Sunday, January 25, 2009

Using Voice Recognition System

Landstuhl Regional Medical Center in Germany now has a faster, more accurate, and highly maneuverable voice recognition system in use by their busy doctors. With the introduction of Dragon Medical speech recognition software, the process of documenting patient medical records can be accomplished in minutes rather than days.

“Not only is the process faster, but it allows for a more detailed, accurate, and cost effective way of doing business”, said Army Major Hamilton Le, a surgeon who has mastered the program in less than a month.

Before, Le would dictate his inpatient surgery notes into a telephone recording machine and wait two to three days for them to return from a transcribing service that cost about 17 cents per line. Reviewing and signing notes for 10 patients could take as long as one hour to complete and even longer if changes of corrections were needed. For outpatient visits, Le typed the visit details in AHLTA.

Now Le can dictate notes into a microphone attached to a mobile laptop and watch as his words appear on screen almost instantaneously. Changes are made on the spot and the record is signed electronically. Inpatient records are stored electronically locally and then the outpatient records are sent to the AHLTA clinical data repository where they remain on file for other medical facilities to access.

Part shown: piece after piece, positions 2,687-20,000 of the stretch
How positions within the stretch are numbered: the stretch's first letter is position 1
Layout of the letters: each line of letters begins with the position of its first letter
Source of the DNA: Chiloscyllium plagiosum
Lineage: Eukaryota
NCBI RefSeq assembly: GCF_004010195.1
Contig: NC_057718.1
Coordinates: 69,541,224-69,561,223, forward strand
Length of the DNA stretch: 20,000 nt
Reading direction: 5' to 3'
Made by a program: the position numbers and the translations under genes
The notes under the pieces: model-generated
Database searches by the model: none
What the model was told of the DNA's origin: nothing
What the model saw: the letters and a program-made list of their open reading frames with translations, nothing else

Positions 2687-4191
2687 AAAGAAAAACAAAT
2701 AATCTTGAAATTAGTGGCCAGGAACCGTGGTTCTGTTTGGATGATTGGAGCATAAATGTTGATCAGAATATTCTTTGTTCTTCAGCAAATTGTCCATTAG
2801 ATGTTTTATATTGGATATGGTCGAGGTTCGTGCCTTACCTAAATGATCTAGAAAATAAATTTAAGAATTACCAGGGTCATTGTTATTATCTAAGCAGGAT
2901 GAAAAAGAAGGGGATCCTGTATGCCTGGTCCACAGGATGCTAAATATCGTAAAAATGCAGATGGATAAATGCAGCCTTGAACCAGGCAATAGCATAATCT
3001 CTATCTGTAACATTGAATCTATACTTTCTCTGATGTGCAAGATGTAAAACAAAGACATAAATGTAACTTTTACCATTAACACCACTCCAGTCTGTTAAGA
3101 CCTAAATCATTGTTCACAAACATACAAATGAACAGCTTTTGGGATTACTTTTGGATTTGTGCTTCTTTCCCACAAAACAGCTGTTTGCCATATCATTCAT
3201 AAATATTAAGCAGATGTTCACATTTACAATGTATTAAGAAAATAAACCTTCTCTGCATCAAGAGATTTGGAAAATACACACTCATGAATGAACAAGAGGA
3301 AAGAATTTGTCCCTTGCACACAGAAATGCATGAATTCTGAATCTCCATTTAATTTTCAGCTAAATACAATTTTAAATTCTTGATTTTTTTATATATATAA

For patients seeking further treatment with a provider who doesn’t have access to the records electronically, such as a patient referred to a specialist in the local area, the records from the system can be hand carried to the appointment.

While speech recognition software has long been used by radiologists, the technology is now being expanded. A pilot program at the Heidelberg Medical Department Activity has used the system in their primary care and orthopedic departments.

Major General David Rubenstein, Army Deputy Surgeon General has recommended expanding the program throughout the Army Medical Command. As a result, 10,000 copies of the speech recognition software has been purchased by the Surgeon General’s office and distributed to 42 facilities worldwide. The system should pay for itself in less than year because of savings in transcription fees.

Also, speech recognition software is now being deployed throughout the European Regional Medical Command and should be fully implemented by summer. In addition to the software deployment, the initiative also includes deploying nine trainers to help field the system according to Dr. Bob Walker, a Heidelberg MEDDAC Physician and the ERMC AHLTA Consultant.